1st. The fourteenth section of the act of 1851, which exempted swamp lands from taxation for ten years, or until reclaimed, was a contract, it being a part of the law which accepted the grant from Congress.
2d. This levee act misuses and diverts from its proper channel the grant of Congress, inasmuch as the act of Congress of 1850 provides that, as far as necessary to the purpose of reclaiming swamp lands by means of levees and drains, the proceeds of the lands, whether from sale or by direct appropriation in kind, shall be applied in that way.
3d. That having received this scrip representing swamp land, which was issued to him on contracts made prior to the repeal of the fourteenth section of the act of January, 1851, although his lands were entered with this scrip after its repeal, they are as much exempt as if entered before the exempting clause was repealed.
In The State v. County Court of Crittenden, before the Supreme Court of Arkansas,1 it was held that the fourteenth section named above was a valid contract under the Constitution. As a contract, from the day of the passage of the act, it held out an encouragement to persons to take up these lands. It does not say from the day of entry, but it is general and operates necessarily from the day of its passage. When the legislature passed this law, exemption from taxation became at once one of the conditions of the acceptance of the grant. Until the legislature, by an act for that purpose, accepted the grant from Congress, it was of no avail, and could not be used for the benefit of any one. But when the legislature did accept it, the bounty was in a shape to be used; and whatever the legislature did in that behalf related back to the grant, and the act granting, as well as the one accepting, formed in themselves, together, one act—an entirety. Both stood then as material parts of the whole.
If, as we have contended, the two acts together made the grant complete, and they alone did this, the grant then became a contract, and any future changes of it were nullities.2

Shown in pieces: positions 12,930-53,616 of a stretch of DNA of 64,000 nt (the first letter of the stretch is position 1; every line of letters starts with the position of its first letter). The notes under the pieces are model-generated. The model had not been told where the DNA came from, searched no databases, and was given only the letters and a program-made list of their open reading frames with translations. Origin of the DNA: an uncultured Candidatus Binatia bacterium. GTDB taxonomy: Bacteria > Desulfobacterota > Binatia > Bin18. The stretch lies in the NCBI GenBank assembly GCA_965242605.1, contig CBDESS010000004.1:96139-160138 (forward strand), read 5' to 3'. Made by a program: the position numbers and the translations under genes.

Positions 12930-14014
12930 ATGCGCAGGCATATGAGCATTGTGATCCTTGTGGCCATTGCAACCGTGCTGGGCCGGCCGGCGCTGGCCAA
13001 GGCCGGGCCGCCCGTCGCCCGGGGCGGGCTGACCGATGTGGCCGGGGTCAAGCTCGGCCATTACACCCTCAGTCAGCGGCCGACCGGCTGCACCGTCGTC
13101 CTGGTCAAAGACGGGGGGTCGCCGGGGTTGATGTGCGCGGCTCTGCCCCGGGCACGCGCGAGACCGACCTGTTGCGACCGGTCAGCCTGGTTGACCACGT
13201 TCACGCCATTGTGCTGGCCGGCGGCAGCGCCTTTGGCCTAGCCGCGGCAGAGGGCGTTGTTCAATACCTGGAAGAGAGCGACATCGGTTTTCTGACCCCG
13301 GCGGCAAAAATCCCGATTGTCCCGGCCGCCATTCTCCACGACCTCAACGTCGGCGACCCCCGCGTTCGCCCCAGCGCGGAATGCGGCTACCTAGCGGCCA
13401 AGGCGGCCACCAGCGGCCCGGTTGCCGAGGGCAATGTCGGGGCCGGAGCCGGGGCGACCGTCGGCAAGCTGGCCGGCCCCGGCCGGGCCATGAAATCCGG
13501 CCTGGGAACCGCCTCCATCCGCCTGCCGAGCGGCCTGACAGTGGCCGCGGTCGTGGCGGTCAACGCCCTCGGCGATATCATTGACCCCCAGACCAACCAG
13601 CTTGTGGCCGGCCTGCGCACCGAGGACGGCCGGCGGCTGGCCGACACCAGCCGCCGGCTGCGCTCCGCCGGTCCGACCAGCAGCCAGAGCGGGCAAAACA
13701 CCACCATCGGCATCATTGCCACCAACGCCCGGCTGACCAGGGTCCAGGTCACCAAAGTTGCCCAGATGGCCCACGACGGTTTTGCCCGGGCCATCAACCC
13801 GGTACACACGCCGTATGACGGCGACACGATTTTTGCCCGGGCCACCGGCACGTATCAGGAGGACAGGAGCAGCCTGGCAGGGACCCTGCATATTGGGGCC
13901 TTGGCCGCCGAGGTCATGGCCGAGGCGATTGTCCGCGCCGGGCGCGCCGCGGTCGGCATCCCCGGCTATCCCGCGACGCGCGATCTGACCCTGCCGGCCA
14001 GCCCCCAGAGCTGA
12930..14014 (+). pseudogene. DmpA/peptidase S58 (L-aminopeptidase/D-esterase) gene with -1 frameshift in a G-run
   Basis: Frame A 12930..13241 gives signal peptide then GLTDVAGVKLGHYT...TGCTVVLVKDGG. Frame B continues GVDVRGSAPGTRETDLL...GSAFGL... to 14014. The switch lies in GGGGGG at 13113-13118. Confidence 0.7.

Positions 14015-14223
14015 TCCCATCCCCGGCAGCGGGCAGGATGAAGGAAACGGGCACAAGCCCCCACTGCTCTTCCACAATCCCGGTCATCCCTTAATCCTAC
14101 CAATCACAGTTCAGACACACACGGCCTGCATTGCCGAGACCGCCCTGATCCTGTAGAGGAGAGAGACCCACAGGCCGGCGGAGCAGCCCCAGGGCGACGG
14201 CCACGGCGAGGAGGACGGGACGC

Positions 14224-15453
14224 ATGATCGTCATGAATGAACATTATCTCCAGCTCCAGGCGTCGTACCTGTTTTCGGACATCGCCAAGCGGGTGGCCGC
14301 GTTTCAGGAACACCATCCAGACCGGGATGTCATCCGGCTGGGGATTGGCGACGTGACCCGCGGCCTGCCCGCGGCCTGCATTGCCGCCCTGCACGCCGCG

If the law repealing the exempting clause stands, it is apparent that the whole grant falls to the ground. If an essential part of the grant be destroyed, it is a contradiction to say the grant still exists. The grant having been completed, the law would always dictate that it should be upheld and carried out. One rule of law is, that the contract should be supported, rather than defeated. And another, that, as in ordinary contracts, modifications or changes must be made by both parties, or with their knowledge and consent. So it is as to grants; the grantor must dispense with a condition before it is waived.
It is evident from the Levee Act, that its object was the attainment of the same end, and by the same means—that is, by leveeing—as contemplated by the act of Congress granting these lands to the State of Arkansas. For this object, Congress had put in the hands of the State a fund, by which she was to build these necessary levees, and the State was bound so to apply the fund. Her obligation to do this formed a part of the contract between her and the United States, and the owners of property have the right to have this contract performed by her. The granting act points out the purpose for which the grant was made. No other can be substituted. By the enactment of this levee law, the State declared, that the laying out and building of these levees in Chicot County was necessary. If so, there is a way already provided; that is, under the terms of the grant, the State must apply the lands granted to her. By this act, the State has attempted to discharge her contract in a different manner from that agreed upon. It amounts to this: she withholds the funds given her for a specific purpose, and to that extent she abrogates McGee’s right, as well as the right of all property-holders there, under the act of Congress, to have those funds, or lands, applied to the building of levees; and besides this, imposes upon them additional burdens to complete the end which Congress had in view in making the grant. This is in the face of the grant. Every right the citizen or property-holder had under this grant is destroyed; and the grant thus misused and diverted is no bounty, but an oppression.